Manhole Inspection Technologies
If you attend a wastewater conference or read any sewer industry magazine, you will undoubtedly see multiple technologies for inspecting sewer manholes or underground structures. Each one has its main salespoints or technologies, but what are they providing you? How can you utilize these technologies to streamline and improve your inspection program?
The first question prior to seeking out any new technology is what do you want the deliverable to provide, and how do you plan to utilize this information? The answer to these questions will help you when engaging in conversations with technology or service providers. Are you mainly concerned with a visual inspection of the structure, or do you want not only the visual inspection, but also the ability to measure items like pipe sizes, depths, and defects at a later date? This decision will have an impact on the equipment or inspection cost for the project.
For visual inspections there are many options available on the market. From off-the-shelf action video cameras and 360-degree cameras, to industry specific inspection tools with multiple HD cameras. Regardless of the camera used, one key to any successful inspection is the lighting. You must be able to properly illuminate the structure for the camera without over-illuminating it, which can wash out the video or pictures.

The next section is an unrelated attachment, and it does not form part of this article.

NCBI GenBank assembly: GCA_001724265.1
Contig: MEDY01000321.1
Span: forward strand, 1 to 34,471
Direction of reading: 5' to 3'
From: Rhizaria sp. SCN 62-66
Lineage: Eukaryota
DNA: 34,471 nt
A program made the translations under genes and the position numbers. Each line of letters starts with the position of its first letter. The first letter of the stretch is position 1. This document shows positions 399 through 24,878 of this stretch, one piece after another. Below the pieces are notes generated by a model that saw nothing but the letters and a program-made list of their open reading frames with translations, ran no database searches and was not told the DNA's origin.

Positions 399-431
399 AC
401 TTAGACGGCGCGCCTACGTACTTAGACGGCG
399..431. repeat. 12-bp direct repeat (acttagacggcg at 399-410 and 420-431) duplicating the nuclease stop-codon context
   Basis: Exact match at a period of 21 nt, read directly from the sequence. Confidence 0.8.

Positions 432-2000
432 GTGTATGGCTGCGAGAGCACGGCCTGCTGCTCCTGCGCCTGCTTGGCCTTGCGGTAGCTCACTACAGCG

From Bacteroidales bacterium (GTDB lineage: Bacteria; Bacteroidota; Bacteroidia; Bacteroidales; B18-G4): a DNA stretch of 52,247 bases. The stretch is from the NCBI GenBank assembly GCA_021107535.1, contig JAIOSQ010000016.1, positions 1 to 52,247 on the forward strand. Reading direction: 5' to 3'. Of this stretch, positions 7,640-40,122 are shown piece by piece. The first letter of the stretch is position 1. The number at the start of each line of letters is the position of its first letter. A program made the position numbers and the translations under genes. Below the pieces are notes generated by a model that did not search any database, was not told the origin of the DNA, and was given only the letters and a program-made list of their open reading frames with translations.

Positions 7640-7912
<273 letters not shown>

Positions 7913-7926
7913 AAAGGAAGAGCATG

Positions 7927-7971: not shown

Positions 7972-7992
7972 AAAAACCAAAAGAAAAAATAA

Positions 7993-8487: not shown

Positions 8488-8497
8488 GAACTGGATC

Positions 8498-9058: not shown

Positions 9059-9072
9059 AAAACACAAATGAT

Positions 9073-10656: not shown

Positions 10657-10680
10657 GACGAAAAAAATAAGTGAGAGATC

When it comes to getting measurements from the inspection technologies, the two ways measurements are taken are either via photogrammetry, or with a LiDAR measurement. LiDAR stands for light detection and ranging.
- Involves taking multiple overlapping pictures of an object that are then stitched together or converted into a 2D or 3D model using algorithms. These models are then used by software to allow the end user to take desired measurements.
- uses lasers that are transmitted from a source, then the laser reflects back to the source from the object being scanned. The unit then reads the reflected light at a receiver using a system called time of flight to calculate distances for measurement.
The main difference in the two technologies is that photogrammetry uses the images captured to construct the object being scanned versus LiDAR which uses a direct measurement based off physically hitting a feature with light and measuring the reflection.
Accurate pipe measurements are typically a must when it comes to inspecting a manhole. Both technologies are capable of providing accurate pipe measurements but have their limitations that should be kept in mind. For photogrammetry to get an accurate measurement it must be able to get multiple photos of each pipe to stitch together.
Since most pipes are at the base of the manhole, it is imperative that you have a camera that is capable of getting multiple camera views of the base of the manhole to get those accurate measurements. On the LiDAR units, the laser beams sent out from the receiver cannot penetrate water, so if the pipe is more than half full of water, it will also be difficult to get an accurate measurement. This same rule applies for photogrammetry, as the photos also can not see through water.
Regardless of any limitation placed on either inspection technology, rest assured knowing that you are going to get accurate, quality inspection from both of them on the majority of structures, but understanding limitations of each style of unit will ensure whatever you choose to purchase will be